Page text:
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committee from '87 to '92 and worked directly in several of these cases. here is one of the photos, "washington times," front page, all smiles here, jeff peck, brett kavanaugh and the vice president heading up for some official visits, and here's some sound of brett kavanaugh visiting with chuck grassley, who chairs the judiciary committee in the senate. here's what they had to say. >> i've just had a pleasant conversation with judge kavanaugh. he and i have not interacted a lot in our lifetime, so getting acquainted with him again is very important. he's a respected jurist and the court he sits on, outstanding opinions that i think are going to be gone through by every lawyer at least on our committee. we're going to have a thorough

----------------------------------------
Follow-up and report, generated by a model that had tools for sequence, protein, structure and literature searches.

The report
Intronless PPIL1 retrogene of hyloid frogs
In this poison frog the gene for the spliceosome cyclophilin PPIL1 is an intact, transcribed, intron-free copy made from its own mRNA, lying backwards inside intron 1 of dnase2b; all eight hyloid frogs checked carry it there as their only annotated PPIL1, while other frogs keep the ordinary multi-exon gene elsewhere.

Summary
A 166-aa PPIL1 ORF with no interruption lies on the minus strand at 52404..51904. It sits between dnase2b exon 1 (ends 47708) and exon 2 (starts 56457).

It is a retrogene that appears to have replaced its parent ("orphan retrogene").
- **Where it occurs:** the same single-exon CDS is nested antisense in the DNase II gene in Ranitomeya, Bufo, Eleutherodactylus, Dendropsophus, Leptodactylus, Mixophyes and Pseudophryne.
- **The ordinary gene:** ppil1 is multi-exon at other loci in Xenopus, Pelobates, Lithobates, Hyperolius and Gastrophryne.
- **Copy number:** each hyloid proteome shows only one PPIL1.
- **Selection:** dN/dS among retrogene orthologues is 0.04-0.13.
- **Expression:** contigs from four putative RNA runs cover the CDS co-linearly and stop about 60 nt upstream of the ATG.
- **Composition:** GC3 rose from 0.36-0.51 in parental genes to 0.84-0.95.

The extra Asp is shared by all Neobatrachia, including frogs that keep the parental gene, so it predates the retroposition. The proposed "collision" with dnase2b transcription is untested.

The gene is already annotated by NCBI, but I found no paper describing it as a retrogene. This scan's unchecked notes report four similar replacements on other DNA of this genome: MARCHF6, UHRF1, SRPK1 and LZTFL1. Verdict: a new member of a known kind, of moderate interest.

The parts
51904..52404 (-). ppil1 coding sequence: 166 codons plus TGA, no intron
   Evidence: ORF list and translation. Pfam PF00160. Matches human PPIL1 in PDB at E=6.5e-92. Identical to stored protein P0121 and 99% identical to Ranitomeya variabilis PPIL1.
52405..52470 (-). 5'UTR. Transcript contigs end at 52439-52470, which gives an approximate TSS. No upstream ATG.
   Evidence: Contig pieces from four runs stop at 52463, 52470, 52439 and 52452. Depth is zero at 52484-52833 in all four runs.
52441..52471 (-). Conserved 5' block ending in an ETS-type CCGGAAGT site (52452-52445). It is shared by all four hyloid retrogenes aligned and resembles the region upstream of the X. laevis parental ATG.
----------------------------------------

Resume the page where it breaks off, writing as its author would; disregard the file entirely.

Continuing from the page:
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process. hopefully it's efficient. we get it done quickly. you know, but he's going to be thorough, and it's going to be done right, and try to do what we can to accommodate everybody's interest. in the end, i think his record speaks for itself. it is the most outstanding thing that affords this person a chance for confirmation in the united states senate. >> so, jeff peck, exchanging pleasantries with the chairman there but there are some important individual meetings come up with what the "wall street journal" calls seven key candidates. how important are these meetings, these visits to the hill? >> i think they're pretty important but they pale in comparison to the actual hearings. these are really sort of get to know you sessions. some senators use them simply to get a feel is the nominee a nice person or not. other senators will use them to say, look, these are the questions i'm going to ask and these are the answers i expect to get from you. >> and then the real work, the